The Society for Social Work and Research

2013 Annual Conference

January 16-20, 2013 I Sheraton San Diego Hotel and Marina I San Diego, CA

The Influence of Risk Level and Program Fidelity On Completing Multisystemic Therapy Among Juvenile Offenders

Saturday, January 19, 2013: 5:00 PM
Executive Center 3B (Sheraton San Diego Hotel & Marina)
* noted as presenting author
John A. Cosgrove, MSW, Research Analyst, University of Maryland at Baltimore, Baltimore, MD
F. Tony Bonadio, MS, Research Analyst, University of Maryland at Baltimore, Baltimore, MD
Jennifer Mettrick, MS, Director of Evaluation, University of Maryland at Baltimore, Baltimore, MD
Jill Farrell, PhD, Research Assistant Professor, University of Maryland at Baltimore, Baltimore, MD
Purpose: This study examined whether adherence (i.e. fidelity) to the Multisystemic Therapy (MST) program model impacts the relationship between pre-treatment risk factors and completing MST treatment, among youth involved with Maryland’s Department of Juvenile Services (DJS).  MST completion has been associated with improved outcomes – including reduced rates of delinquency – in youth presenting with antisocial behavior (Curtis, Ronan, & Borduin, 2004).  Moreover, delivering MST with fidelity to the treatment model further reduces the likelihood of youth engaging in delinquent behavior (Schoenwald, Hengeller, Brondino, & Rowland, 2000).  The present study explored whether certain risk factors for delinquency are predictive of the completion of MST treatment, with a focus on how therapist fidelity to the MST treatment model mediates this relationship. These questions were addressed within the RE-AIM framework of service implementation, specifically considering the Implementation component of RE-AIM, which emphasizes the consistency of program delivery (National Cancer Institute, 2012).  It was hypothesized that youth with higher risk levels would be less likely to complete MST, and that MST model adherence would dissipate this relationship between risk level and program completion.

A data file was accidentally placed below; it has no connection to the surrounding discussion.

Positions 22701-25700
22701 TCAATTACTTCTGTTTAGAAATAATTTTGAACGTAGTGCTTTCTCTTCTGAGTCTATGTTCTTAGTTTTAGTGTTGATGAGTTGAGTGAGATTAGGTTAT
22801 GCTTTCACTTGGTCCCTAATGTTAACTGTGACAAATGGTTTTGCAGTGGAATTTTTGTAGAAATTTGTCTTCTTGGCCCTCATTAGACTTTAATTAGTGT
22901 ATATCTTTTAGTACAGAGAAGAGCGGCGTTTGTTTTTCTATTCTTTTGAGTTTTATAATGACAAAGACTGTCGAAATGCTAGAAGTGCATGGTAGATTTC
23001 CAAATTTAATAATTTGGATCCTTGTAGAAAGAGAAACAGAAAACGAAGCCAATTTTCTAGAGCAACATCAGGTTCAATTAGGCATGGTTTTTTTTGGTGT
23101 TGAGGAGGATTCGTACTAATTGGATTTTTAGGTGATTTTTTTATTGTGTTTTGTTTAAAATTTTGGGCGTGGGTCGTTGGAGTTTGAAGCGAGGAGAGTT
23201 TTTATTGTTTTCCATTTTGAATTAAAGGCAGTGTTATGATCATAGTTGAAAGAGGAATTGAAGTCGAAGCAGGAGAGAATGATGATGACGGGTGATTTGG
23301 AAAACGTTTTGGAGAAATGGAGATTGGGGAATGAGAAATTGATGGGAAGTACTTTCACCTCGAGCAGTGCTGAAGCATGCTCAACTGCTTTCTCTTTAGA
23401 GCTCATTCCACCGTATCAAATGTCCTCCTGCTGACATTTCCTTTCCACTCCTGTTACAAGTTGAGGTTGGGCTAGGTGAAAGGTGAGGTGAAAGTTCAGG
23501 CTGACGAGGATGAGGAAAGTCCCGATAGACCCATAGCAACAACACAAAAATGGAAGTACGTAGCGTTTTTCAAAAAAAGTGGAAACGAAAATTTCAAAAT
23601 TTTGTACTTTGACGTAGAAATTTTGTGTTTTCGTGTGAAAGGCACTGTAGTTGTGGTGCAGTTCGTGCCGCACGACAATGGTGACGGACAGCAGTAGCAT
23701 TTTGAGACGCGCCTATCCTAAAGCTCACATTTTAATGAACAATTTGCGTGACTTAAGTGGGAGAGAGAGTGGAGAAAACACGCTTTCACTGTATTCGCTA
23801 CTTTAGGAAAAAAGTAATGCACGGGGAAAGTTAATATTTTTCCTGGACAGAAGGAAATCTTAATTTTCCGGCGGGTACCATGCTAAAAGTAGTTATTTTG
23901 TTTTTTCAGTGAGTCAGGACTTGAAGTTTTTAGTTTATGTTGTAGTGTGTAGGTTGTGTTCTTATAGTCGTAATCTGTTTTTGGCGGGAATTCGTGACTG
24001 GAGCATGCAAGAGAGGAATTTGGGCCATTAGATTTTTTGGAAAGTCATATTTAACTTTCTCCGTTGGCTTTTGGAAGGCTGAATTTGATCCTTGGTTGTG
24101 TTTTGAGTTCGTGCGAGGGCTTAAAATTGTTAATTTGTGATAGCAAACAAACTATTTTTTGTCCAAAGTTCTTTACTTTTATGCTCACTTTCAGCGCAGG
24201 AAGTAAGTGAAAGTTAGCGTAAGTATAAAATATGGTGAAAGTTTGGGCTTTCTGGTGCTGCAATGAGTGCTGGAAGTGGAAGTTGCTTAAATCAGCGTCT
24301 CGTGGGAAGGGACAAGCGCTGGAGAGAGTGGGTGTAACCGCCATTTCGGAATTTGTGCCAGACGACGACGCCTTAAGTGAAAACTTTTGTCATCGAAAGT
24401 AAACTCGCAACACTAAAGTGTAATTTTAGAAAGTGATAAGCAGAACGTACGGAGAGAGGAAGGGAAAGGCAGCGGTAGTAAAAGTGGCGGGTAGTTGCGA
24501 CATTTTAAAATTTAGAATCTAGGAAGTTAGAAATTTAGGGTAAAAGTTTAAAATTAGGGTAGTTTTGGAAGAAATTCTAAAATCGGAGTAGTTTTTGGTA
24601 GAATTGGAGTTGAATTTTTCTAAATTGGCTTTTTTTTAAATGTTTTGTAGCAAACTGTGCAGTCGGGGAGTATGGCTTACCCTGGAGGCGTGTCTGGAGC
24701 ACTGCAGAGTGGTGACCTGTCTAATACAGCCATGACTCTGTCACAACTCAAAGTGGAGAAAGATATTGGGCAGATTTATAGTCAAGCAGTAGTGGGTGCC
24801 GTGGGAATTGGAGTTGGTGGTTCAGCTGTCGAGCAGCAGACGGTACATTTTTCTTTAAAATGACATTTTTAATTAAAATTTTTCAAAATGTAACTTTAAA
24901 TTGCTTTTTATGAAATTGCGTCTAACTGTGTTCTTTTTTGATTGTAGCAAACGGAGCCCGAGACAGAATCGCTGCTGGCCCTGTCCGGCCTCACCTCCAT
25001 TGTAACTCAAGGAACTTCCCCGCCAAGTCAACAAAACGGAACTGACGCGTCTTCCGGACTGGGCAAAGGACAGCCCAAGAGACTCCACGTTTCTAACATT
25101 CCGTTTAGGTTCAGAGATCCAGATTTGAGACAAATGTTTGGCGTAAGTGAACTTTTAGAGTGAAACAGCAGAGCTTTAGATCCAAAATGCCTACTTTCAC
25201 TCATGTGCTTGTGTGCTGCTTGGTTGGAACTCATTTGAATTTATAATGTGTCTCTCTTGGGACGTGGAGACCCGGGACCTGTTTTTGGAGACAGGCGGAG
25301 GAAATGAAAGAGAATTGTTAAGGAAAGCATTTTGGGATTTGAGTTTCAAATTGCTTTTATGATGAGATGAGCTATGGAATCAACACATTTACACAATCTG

Method: The present study was a secondary analysis of data originally collected as part of a statewide initiative to evaluate the implementation of Evidence-based Practices throughout Maryland.  The data used in this study were collected between October 2009 and December 2011 from the DJS administrative database, the Multisystemic Therapy Institute (MSTI) national database, and local agencies providing DJS-funded MST services in Maryland.  Logistic regression analysis was used to determine if (1) DJS-assessed risk level for delinquency was predictive of completing the MST program, and (2) whether receiving services delivered with a Therapist Adherence Measure (TAM) above the target adherence score altered the relationship between risk factors and MST program completion, among DJS-referred youth who discharged from MST with the opportunity for full course of treatment (n = 208).

Results: Chi-squared tests indicated that lower risk levels were significantly associated (χ2 =14.94, p=.001, OR=2.027, CI=.974-4.219) and TAM adherence scores above the target threshold were marginally significantly associated (χ2 =3.66, p=.056, OR=2.027, CI=.974-4.219) with completing treatment.  Contrary to the hypothesis, the logistic regression model found that TAM adherence scores did not mediate the relationship between risk level and completing treatment.  Though mediation was not found, TAM adherence score (OR = 2.31, p = .032, CI=1.076-4.963) was a significant predictor of completion when controlling for prior risk level.

Implications: These findings demonstrate that both risk level for delinquency and model adherence are considerable factors in the completion of MST treatment.  The finding that controlling for risk level increases the predictive power of program fidelity on completing treatment might imply that it is more challenging for therapists to deliver MST with fidelity to higher-risk youth.  Thus, when working with higher-risk youth and families, MST providers should consider affording additional resources on implementing MST with fidelity to achieve the well-documented outcomes found for MST (Curtis, Ronan, & Borduin, 2004).